For our purpose, the importance of the Romans lies in the fact that it was most directly from the ruins of their civilization that our own developed. Therefore, before completing the account of the decline and fall of their empire, we will consider the cultural contributions made by the Romans.
The Romans were not great cultural innovators. During the early republic, they were a simple agricultural people who were isolated from the civilizations upon whom the Greeks had drawn as well as from the Greeks themselves. As they began to expand, they came into contact with the Greeks -- first in southern Italy and then in the Balkans -- and began appropriating from them. But this was not properly Greek (or Hellenic) Civilization from which they were borrowing. It was what is known as Hellenistic, and that requires some explanation. [excerpt]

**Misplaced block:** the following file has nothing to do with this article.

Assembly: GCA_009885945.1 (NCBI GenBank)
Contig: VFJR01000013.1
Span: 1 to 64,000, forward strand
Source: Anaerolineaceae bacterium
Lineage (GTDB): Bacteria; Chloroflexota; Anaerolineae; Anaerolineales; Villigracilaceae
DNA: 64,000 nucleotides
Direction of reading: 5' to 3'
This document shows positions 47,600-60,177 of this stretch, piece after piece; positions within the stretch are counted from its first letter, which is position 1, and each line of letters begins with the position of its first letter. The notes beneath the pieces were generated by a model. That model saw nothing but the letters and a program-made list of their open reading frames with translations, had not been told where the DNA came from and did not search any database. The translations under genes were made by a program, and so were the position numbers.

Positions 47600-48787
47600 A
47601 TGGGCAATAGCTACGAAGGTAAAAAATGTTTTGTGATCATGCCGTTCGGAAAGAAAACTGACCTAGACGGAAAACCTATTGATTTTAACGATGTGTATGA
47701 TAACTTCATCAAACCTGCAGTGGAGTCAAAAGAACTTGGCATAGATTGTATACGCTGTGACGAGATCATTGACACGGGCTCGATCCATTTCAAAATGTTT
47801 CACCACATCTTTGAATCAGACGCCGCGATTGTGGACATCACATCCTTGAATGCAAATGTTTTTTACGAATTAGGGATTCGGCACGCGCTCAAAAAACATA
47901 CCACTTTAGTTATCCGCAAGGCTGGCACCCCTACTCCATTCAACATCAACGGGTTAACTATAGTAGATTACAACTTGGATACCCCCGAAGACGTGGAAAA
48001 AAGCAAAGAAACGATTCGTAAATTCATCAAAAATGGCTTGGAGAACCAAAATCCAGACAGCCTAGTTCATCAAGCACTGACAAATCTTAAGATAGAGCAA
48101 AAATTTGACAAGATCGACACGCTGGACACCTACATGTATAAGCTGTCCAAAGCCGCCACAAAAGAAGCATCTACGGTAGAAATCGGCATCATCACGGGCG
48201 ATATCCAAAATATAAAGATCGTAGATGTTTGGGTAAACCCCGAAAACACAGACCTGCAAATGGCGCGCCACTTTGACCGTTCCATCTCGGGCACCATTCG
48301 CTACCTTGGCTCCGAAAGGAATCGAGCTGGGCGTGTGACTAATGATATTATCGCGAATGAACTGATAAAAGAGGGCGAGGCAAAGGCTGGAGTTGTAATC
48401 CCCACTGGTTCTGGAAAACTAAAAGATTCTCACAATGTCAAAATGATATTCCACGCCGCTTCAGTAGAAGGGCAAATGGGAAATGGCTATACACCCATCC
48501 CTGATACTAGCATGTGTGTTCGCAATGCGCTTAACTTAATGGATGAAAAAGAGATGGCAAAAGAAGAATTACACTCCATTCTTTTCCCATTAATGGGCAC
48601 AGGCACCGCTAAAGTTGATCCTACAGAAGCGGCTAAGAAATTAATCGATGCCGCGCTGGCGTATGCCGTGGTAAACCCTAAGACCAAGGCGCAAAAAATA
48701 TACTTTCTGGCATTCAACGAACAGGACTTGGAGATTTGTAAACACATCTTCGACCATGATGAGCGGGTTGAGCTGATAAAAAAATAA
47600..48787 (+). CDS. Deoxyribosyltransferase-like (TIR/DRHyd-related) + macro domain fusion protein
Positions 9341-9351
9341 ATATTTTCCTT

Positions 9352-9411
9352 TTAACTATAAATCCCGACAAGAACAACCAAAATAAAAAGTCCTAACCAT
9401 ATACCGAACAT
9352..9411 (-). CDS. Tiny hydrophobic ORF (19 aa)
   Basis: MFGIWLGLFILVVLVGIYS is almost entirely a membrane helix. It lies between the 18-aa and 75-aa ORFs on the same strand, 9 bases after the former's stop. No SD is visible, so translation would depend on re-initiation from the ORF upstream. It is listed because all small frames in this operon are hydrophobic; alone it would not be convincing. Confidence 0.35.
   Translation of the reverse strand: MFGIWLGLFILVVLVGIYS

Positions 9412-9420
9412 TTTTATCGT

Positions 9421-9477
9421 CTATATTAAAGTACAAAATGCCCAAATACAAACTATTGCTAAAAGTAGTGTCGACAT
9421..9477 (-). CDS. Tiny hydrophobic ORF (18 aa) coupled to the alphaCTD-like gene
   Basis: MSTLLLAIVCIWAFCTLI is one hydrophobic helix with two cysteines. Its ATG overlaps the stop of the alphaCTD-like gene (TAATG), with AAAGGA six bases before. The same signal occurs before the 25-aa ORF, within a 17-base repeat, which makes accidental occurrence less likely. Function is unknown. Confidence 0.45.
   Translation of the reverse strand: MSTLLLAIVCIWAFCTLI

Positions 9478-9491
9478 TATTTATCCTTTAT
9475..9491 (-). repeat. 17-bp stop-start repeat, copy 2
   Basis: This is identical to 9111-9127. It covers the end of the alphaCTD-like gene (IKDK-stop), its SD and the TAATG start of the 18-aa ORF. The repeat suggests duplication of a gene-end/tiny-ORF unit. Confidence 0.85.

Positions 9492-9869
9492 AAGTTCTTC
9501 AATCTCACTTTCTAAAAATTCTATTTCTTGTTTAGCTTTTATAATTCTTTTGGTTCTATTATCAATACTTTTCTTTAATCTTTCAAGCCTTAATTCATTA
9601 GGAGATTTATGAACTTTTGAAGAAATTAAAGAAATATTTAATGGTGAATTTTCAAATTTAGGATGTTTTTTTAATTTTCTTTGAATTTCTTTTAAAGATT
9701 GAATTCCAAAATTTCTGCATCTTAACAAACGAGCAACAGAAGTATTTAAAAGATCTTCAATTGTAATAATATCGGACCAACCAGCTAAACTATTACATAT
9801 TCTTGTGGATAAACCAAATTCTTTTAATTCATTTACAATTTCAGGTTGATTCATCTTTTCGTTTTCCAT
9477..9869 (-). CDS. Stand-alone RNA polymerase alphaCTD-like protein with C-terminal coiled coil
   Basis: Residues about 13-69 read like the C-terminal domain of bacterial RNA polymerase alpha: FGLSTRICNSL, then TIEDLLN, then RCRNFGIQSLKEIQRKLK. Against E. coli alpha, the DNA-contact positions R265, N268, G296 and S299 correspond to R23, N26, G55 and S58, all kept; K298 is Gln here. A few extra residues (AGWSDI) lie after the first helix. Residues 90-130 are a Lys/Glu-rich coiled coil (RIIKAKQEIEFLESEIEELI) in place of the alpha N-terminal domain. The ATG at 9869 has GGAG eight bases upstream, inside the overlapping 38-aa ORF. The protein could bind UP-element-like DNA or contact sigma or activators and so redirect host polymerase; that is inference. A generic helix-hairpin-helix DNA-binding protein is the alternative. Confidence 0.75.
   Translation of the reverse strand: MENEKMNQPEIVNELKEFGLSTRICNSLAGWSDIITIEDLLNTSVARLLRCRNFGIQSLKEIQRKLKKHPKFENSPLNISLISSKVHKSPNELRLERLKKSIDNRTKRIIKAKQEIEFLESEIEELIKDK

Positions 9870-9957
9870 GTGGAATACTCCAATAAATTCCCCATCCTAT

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Bloom, Robert L. et al. "2. Rome: Roman Civilization. Pt. I: Athens, Rome, and Jerusalem: Background of Western Civilization." Ideas and Institutions of Western Man (Gettysburg College, 1958), 53-58.